In recording Starlight, we had a little more time and money, but for the most part we recorded things very similar to how we'd been playing them live. With Martin Feveyear acting as co-producer, I think we were able to get a little more of a produced sound, which I think worked on some songs and didn't work as well for others.
I had been writing stuff that was a little more rock and pop driven and tried to add more of a rock element to the record, but everyone still calls it country. I still feel like I'm so new to all this recording stuff that I'm still trying to get the feel for what I want to hear on a record. Plus, you know, at some point you run out of money, then you just have to say "OK, we're done". I'm hoping the next one can be a more of a collaborative sort of free form session, something totally different from the way we made these first two.
You have recently released a new recording called Old Gold. How and when did you decide to do an EP of covers?
Zoe: As far as the new EP, we thought it would be something fun to do, to keep our name out there. We had a small budget, so we just recorded it in our friend Rob Mitchell's home studio. We recorded it in the middle of winter and it was freezing but we couldn't have the heaters on because they were too noisy. Our instruments kept going out of tune.
Zoe: The recording is comprised of songs we'd been doing live this past year. Actually "Heart Like a Wheel" was on my first 6 song home recorded demo that I made in 2008. I can't really say why I chose these specific songs besides that I love singing them. We didn't really set out to have any certain kind of a sound for the EP, it was just meant to be a quick, semi-live sounding kind of thing, which, in that way makes the recording process much like our first two records.
Can you talk a little bit about your own tune on Old Gold?
Zoe: I had written the one original about a year ago and didn't really know what to do with it. We never played it live. I figured it was just kind of a throw away song but recording it has given it a new life. Just recently, we've added the whole band to the live version and it's sounding great. I can see that one being reworked for the next full length record.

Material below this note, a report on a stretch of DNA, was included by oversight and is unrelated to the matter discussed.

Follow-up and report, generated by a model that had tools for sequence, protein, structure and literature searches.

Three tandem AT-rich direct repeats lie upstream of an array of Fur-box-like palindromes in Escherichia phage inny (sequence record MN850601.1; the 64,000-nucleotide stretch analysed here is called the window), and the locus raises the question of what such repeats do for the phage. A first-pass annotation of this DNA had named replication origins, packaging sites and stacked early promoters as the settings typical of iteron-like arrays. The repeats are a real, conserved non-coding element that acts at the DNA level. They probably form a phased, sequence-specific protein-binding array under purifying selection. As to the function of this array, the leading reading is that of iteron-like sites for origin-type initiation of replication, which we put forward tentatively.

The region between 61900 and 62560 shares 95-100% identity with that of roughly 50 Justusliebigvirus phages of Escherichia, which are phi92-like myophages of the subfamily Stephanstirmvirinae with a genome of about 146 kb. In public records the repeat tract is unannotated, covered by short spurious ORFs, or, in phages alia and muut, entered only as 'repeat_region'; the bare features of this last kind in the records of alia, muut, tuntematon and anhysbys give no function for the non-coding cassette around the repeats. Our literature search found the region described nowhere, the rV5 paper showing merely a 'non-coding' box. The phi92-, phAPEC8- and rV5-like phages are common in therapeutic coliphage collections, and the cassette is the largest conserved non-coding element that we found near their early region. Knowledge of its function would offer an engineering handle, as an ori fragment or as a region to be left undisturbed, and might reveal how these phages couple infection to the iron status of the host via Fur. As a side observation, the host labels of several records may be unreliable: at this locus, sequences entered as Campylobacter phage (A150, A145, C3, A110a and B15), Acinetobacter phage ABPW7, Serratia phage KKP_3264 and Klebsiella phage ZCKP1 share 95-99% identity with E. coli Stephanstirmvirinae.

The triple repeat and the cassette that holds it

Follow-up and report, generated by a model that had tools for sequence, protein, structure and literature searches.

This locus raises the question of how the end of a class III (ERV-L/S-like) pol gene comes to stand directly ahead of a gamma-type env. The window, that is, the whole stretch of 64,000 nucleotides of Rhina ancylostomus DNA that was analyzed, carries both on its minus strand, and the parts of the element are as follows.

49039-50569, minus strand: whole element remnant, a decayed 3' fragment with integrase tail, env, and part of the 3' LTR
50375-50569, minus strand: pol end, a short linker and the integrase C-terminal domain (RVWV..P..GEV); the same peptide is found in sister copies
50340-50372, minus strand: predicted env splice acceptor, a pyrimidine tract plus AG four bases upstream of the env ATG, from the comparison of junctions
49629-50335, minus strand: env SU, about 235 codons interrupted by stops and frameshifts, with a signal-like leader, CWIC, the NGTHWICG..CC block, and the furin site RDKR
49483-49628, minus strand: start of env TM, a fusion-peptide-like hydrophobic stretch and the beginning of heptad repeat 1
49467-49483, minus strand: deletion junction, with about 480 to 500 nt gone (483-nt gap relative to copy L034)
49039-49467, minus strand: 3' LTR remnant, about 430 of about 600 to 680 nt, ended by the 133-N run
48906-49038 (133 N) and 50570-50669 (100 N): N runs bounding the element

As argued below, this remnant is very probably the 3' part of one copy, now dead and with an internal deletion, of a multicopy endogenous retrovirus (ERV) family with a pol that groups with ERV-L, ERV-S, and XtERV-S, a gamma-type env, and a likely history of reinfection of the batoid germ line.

Who are some of your current influences?
Zoe: It's pretty much anything I can find at the thrift store for a dollar. I used to have such a strong passion for seeking out new music, but lately, I feel like I just prefer listening to nature and whatever else is going on around me. I think it's just a phase I'm going through. I think it helps me as a writer, maybe not as much as a musician.
What are your plans for the rest of 2012? Any touring plans?
Zoe: As far as touring this year, we spent two crazy months in Europe in January and February. Since then it's been pretty slow. We parted ways with our guitar player, Dave Harmonson, and so it's taken a while to get back into a groove with our new player, Stell Newsome. We'll be touring a lot in the next three months all over the country and I'm really looking forward to getting back out there with a slightly different sound and some new energy. I've been writing stuff for a new album, but not sure when we'll get back into the studio, hopefully this winter.
Thanks for taking the time to discuss your work Zoe. Good luck with the new release and I look forward to catching you live and hearing the next record when it's ready!
Zoe: Thanks a lot!
Chris Mateer is a freelance music writer living in Portland, OR. He is the founder and writer of the Uprooted Music Revue and has been contributing regularly to No Depression. In addition to music writing, Chris teaches visual art and plays the mandolin, banjo, and drums.
As a player and music writer, Chris is always excited to share and learn more. He believes a community thrives on participation and enthusiasm, and he's thrilled to contribute.